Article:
Adam and Eve – choice or dilemma?
On Easter Sunday I heard a sermon that included a recapitulation of Genesis chapters 2 and 3: Adam and Eve, temptation and Fall. The preacher phrased this as Adam and Eve making the wrong choice, a mistake for which humanity has been paying ever since.
This is a superficial reading of the text, but it strikes me as incongruous. (I’m setting aside the whole he-said/she-said thing with Eve getting blamed. Personally, I believe that’s a case of ‘history being written by the winners’—in this case, men.)
The restaurant in the Garden of Eden
It makes it sound like the Garden of Eden was a restaurant that served beautiful fruit. Adam and Eve popped in for lunch one day. God swanned up in his waiter’s apron, pencil behind an ear. He handed them each a menu and said, “You may eat fruit from any tree in the garden, except the one that has the power to let you know the difference between right and wrong.” (Genesis 2:16-17, Contemporary English Version)
Adam and Eve stared at the menu. It was one of those Chinese menus with glossy photos. The pear, the fig, the pomegranate all looked good… but the apple “looked beautiful and tasty.” (Genesis 3:6)
Eve, being somewhat contrary (which I can strongly relate to), ordered the forbidden fruit. The rest is history.
There’s a whiff of truth to this, but also the acrid stench of smoke and mirrors. What kind of perverse god dangles wisdom before us but demands instead both blind obedience and ignorance? Not one that I can believe in.
The phrase “let you know the difference between right and wrong” suggests the knowledge of good and evil is just a snippet of useful information, like the time of the next bus or a half-time score in a football match. Yet the whole bloodthirsty history of what we call civilization spirals down from Adam and Eve’s menu choice.
What if it wasn’t exactly a choice?
There are two kinds of choice. Choices made freely, and choices made under pressure: dilemmas. These are two very different things. Equally, there are two kinds of dilemma.
In Story, his masterful vivisection of screenwriting, Robert McKee writes that “The choice between good and evil or between right and wrong is no choice at all.” (We should bear that in mind when considering the Bible or, for that matter, the whole of Christian doctrine.)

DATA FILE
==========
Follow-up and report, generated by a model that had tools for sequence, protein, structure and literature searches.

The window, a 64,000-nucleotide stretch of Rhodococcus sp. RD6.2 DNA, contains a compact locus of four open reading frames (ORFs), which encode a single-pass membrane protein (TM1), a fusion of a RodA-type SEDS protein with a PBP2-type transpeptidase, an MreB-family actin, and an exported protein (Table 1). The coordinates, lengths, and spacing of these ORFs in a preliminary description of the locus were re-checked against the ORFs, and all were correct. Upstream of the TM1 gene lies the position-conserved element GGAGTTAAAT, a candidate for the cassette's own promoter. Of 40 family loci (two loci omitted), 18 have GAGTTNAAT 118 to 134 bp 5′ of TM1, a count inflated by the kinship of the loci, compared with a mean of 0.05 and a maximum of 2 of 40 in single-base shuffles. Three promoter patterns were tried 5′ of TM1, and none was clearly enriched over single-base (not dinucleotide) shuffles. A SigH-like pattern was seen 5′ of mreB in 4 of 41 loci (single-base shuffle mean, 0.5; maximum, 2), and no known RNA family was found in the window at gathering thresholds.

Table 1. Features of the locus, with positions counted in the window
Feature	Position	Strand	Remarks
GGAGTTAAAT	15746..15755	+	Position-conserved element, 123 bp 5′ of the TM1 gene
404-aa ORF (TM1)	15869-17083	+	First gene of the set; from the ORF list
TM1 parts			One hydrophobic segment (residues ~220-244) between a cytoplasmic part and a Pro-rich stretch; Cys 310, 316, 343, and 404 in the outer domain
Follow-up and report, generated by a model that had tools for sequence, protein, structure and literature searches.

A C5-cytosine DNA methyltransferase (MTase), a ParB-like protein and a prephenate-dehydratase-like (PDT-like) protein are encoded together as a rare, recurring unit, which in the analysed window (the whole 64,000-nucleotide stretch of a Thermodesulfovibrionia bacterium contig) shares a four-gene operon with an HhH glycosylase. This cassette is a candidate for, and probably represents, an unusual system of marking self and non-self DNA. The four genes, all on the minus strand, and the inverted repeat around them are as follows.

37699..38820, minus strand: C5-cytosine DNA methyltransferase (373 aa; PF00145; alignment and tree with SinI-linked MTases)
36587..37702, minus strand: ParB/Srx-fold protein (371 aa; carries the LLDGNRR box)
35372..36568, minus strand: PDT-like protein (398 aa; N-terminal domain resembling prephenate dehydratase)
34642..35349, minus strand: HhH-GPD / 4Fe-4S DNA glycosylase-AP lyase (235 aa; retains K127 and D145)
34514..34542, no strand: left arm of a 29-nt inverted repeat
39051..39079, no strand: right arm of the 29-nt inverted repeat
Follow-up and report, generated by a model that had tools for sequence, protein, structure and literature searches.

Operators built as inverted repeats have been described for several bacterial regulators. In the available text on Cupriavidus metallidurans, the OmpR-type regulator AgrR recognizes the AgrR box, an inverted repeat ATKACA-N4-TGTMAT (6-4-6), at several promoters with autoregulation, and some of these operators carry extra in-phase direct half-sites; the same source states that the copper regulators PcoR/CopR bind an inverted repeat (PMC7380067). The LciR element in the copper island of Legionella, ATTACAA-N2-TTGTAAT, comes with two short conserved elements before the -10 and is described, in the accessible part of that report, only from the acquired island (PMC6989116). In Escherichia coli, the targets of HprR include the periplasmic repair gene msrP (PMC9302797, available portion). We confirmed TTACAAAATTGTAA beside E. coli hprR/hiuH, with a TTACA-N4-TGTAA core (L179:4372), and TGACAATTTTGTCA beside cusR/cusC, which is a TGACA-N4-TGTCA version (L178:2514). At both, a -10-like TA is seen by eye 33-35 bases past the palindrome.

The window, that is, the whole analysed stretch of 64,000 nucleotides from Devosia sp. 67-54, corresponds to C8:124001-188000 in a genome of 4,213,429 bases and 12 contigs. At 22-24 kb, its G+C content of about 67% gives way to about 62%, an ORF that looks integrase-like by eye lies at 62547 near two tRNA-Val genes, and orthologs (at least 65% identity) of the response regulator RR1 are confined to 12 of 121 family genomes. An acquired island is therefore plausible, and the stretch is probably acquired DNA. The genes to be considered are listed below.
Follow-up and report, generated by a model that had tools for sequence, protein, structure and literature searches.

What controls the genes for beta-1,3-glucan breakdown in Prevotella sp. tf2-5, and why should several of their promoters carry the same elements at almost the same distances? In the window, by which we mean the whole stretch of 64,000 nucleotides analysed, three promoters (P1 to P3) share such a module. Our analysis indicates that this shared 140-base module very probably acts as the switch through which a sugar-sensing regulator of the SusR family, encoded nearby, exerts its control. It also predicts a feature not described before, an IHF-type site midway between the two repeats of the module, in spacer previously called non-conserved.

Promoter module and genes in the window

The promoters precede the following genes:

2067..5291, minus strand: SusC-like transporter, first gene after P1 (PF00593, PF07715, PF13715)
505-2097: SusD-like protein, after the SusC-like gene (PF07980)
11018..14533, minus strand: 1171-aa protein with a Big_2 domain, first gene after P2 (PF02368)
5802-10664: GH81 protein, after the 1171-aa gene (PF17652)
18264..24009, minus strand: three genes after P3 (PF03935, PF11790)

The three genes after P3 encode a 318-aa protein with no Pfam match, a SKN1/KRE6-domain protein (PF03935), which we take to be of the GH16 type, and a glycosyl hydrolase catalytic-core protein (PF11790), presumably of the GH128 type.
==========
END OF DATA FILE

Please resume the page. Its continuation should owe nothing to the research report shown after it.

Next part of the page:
McKee continues: “True choice is dilemma. It occurs in two situations. First, a choice between irreconcilable goods… Second, a choice between the lesser of two evils.”
‘Irreconcilable goods’ means there are two things you want. Saying ‘yes’ to one of them means saying ‘no’ to the other. Getting what you want is great, but there’s a downside.
‘Lesser of two evils’ means one of two bad things will happen to you. You can stop one of them by choosing the other. But you can’t stop both.
Adam and Eve – choice or dilemma?
The Bible gives no sense of Adam and Eve facing any kind of dilemma, not even a choice of irreconcilable goods. Aside from the apple, they could eat from as many trees as they liked.
Yet the geographical, anthropological, and—above all—the emotional history of the Middle East in the millennia leading up to the writing of the Old Testament show this was a ‘lesser evils’ situation—with implications that increasingly bear down on us today.
In Saharasia, geographer James DeMeo demonstrates how the first patriarchal societies emerged in the equatorial belt from the Sahara, through the Middle East and Arabia and into central Asia some six millennia ago.
The driver was climate change. Long-term drought caused desertification which then caused famine. This is extensively documented in the Old Testament.
Deuteronomy 28:21-24 reads: “The Lord will make the sky overhead seem like a bronze roof that keeps out the rain, and the ground under your feet will become as hard as iron. Your crops will be scorched by the hot east wind or ruined by mildew. He will send dust and sandstorms instead of rain, and you will be wiped out.”
Us and them
For the first time in history, humans fought over food and water. The split between ‘us’ and ‘them’ appeared. This is what that snippet of intriguing information, the knowledge of good and evil, entails.
The Bible paints a bleak picture of the rapacious civilizations that ultimately conquered the world and provided the model for modern society’s appetite for destruction. The Israelites were one of those early cultures—until a bigger predator swallowed them.
In The Fall, Steve Taylor writes: “The main event in human history is a sudden, massive regression—a dramatic shift from harmony to chaos, from peace to war, from life-affirmation to gloom, or from sanity to madness” around 6,000 years ago.
That’s the choice Adam and Eve made for us. The other option was extinction.
Maybe they made the best choice after all?
The task now—the task that Jesus calls us to—is to undo the effects of the Fall and return to innocence. This is not the blissful ignorance offered in Genesis 2. It’s innocence that includes full knowledge of the destructiveness of good and evil. Now, that is a god I can believe in.
Image: Adam and Eve, Cathedral of St Julien, Le Mans, France (Wikimedia)